Eleven-ThirtyEight’s Star Wars Hot Takes


After taking the last couple April Fools’ Days off, we decided to do something a little different this year—and not just because today is April 2nd. Around Christmas, staff writer David Schwarz created the Twitter bot Star Wars Hot Takes, which does pretty much what it sounds like, tweeting an auto-generated Star Wars take/thinkpiece title once an hour—many of which you could easily imagine someone throwing together as clickbait, and some of which, I have to admit, sound very close to actual ETE articles.

Truthfully, I think the term “hot take” is a little overblown as a criticism; it’s a category people use to reflexively dismiss big swaths of content they don’t like without much regard for the thought put into it. The key difference between a good piece and a “hot take”, in my opinion, isn’t the point of view expressed but how thoughtfully it’s presented—and I absolutely go out of my way to highlight takes on ETE that are distinct and outside the norm (even when I don’t necessarily agree with them) so that they can be given a thoughtful and balanced airing.

With that said, another important principle of this site is to not take ourselves too seriously—it’s just Star Wars, and there’s nothing wrong with acknowledging that everyone’s opinions can get a little overblown once in a while. So in the spirit of taking just a little air out of our sails this April Fools’, I challenged the staff to pick a Star Wars Hot Take tweet and develop it into a “serious” mini-editorial. Here’s what they came up with.

Ben C: Of course these here crystals are socialist. You take one kyber crystal by itself and it is no threat to anyone, but you take one and its friends and you add them all to a turbolaser and all of a sudden their collective firepower goes through the roof. Figures the Empire would love them, so it proved – they could not crank out the kyber-powered turbolasers fast enough, but for some people – and the Empire is one of them, a turbolaser just isn’t enough gun. Nope, if you can have turbolasers, why not a superlaser? And what do these little crystal bastards do to a superlaser you ask? Why, they enable it to rip a planet apart by their collective, socialist attitude as they pool their ability to raise the power level.

Nor is this a new thing either. No, those now-long-dead elitist bunch of bastards, the Jedi, all used kyber crystals. Yeah, those no-wage-earning, acting-for-the-good-of-all, holier-than-thou, mind-reading, latte-sipping, lightsaber elitists. Without the kyber crystals they wouldn’t have even had their fancy lightsabers, wouldn’t have been able to lord them over everyone else. But, of course, just when you think one elite’s gone – another replaces it and the Empire’s use of these crystal socialists was far more ambitious than the Jedi’s. Not that it’ll stop with a Death Star you understand, no, no, no. What’ll happen is someone will go the next step, if kyber crystals can collectively screw over a planet, then why not a star? Why can’t they be used for something like…a Starkiller?

And on and on it goes. It’s not new either. Ages ago, some other ancient bunch of super-bastards used kyber superweapons – the Jedi stopped that. Or did they just steal the supply for themselves? Doesn’t matter much either way. Kyber crystals have been a collective plague on the galaxy for millennia and they’re never going away.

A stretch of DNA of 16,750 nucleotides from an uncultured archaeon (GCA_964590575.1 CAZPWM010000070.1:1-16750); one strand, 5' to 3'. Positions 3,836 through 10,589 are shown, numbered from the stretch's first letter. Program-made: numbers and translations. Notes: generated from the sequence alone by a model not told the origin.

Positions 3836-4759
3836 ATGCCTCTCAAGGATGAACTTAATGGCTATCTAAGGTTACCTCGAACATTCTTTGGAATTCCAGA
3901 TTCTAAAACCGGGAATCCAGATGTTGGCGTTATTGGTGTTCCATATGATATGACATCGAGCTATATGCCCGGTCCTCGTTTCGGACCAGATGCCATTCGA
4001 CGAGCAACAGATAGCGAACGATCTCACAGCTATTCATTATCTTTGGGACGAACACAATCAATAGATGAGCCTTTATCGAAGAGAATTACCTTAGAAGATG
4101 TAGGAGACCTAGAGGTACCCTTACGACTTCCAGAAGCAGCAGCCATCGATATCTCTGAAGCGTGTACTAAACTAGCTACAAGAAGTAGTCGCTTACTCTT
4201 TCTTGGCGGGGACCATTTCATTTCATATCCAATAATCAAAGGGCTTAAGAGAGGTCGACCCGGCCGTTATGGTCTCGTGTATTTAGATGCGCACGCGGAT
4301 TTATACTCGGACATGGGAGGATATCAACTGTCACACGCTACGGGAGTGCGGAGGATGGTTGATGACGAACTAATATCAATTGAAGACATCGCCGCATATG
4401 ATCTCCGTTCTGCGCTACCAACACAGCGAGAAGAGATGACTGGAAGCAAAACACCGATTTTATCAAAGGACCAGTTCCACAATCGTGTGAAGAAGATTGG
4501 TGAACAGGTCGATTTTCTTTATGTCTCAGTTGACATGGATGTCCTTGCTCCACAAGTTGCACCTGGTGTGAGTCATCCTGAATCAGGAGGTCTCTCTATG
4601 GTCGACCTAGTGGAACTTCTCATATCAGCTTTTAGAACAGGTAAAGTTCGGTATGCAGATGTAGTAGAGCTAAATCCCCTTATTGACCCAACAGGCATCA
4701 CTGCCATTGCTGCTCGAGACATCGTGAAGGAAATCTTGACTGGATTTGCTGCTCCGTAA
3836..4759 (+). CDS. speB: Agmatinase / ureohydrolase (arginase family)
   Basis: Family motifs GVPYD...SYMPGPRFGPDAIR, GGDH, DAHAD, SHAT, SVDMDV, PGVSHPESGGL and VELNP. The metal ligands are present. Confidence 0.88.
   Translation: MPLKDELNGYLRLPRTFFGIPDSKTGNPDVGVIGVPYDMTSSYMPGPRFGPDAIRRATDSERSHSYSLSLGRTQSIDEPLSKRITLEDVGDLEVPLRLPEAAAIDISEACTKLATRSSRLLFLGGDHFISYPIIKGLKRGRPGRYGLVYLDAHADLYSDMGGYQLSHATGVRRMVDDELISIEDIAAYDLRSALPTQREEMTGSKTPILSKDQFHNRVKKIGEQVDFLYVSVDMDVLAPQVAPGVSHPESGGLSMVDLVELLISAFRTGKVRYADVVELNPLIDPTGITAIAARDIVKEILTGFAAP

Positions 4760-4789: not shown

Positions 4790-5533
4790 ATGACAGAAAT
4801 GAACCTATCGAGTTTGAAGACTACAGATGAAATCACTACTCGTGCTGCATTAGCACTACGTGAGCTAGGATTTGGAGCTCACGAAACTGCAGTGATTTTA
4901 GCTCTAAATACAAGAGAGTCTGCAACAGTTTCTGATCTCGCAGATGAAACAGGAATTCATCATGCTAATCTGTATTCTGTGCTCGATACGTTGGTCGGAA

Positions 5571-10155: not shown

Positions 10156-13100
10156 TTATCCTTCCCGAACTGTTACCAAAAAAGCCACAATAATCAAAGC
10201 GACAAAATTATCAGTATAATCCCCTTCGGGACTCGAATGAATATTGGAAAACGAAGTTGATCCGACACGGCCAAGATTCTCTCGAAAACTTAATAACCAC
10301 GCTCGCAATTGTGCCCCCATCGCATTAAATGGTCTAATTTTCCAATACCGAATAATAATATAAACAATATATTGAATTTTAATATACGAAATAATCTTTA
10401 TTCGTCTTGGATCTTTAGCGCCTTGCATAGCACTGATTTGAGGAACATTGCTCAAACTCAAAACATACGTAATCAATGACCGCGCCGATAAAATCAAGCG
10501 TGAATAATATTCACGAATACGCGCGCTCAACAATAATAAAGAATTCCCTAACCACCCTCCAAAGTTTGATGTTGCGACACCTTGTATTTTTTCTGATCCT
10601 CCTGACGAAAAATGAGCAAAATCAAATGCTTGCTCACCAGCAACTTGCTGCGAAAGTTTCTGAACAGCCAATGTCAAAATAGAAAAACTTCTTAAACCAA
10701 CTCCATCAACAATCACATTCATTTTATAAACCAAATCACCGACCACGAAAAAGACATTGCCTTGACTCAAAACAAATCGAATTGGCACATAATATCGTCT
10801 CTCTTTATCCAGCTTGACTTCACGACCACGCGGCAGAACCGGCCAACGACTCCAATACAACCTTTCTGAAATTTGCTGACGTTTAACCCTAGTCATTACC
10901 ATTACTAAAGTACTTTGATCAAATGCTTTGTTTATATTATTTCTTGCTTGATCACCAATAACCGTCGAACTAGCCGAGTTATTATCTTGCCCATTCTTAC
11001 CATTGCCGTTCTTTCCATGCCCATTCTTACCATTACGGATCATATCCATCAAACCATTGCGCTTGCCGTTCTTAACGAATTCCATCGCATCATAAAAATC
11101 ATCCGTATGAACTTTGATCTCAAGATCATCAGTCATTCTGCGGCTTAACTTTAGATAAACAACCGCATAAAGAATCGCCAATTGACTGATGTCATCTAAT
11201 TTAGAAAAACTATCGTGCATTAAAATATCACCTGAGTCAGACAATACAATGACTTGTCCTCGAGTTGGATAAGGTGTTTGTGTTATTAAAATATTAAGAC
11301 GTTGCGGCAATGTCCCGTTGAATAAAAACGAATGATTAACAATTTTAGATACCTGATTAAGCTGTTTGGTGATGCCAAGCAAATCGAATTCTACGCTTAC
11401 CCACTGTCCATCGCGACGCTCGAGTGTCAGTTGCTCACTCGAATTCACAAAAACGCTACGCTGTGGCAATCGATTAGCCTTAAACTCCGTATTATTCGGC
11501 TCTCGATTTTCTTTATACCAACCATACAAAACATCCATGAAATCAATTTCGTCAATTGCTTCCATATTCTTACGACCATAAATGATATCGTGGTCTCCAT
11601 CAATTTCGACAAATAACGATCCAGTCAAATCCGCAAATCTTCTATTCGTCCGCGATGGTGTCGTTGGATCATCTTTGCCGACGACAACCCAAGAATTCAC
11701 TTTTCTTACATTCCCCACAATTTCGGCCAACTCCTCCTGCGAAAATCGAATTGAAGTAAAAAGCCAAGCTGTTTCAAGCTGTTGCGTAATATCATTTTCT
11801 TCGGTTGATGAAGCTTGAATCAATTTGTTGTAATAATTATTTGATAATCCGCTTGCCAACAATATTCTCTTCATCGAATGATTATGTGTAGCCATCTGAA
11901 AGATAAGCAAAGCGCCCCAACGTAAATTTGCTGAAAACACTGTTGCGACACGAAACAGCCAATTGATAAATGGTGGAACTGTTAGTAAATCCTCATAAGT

Jay: We’ve talked a lot about who Snoke might be. But we’ve missed something important, and that is: who does Snoke think he is?! It’s bad enough that he acts as if he is some sort of revivified Palpatine, complete with usurping the Emperor’s old musical cues. But Snoke is not fit to wear the Emperor’s boots, literally or figuratively.

It was said of Napoleon I and Napoleon III that “history repeats itself — first as tragedy and second as farce.” No truer words could be said about Palpatine and Snoke. While the fall of the great Emperor was indeed a tragedy — a tragedy that was the culmination of six films — the end of Snoke was at best a laugh line partway through a movie that considered him an afterthought.

We knew not to take him seriously when we saw his absurd head and ridiculous diction in The Force Awakens, but little did we know the true depths of his vulgarity. His throne room is at best a shallow travesty of the Emperor’s. His clothes? There have been retirees with better imagination than that “Supreme Leader” in his golden bathrobe and slippers.

He could have worn anything on his feet — with those long robes, we wouldn’t have noticed. But he chose to wear those slippers. I can only think it is because of his sublime contempt for everything that came before. He not only wishes to humiliate his enemies, but also those who serve him. It’s surely on purpose. He’s gathered a series of old former Imperials to serve him, and he knows that they have to abase themselves bowing before a slipper-wearing demon clown. What does that do to a person?

And what does it do for the legacy of Palpatine? Much is said about Kylo Ren’s attempts to be a new Vader, but little of Snoke’s attempts to be a new Palpatine. Unlike Kylo, Snoke is not just a bad imitation: he’s an insult. We don’t take Snoke seriously and as a result, we may end up taking this entire archetype of evil overlord less seriously. And if we do that, we undermine the core of the entire Star Wars saga.

Mark: Machete Order has gained traction as a “preferred” viewing order for people coming to the Star Wars saga for the first time – playing through IV and V until the “I am your father” revelation, switching back to II and III to show Anakin’s fall, and then rounding out the story with his redemption in VI. Though complicated by the releases of Episodes VII and VIII and Rogue One, there is a more fundamental problem with it: it skips The Phantom Menace. And that’s an issue not because of the podrace or Duel of the Fates – it’s wrong because you’re skipping Jar Jar.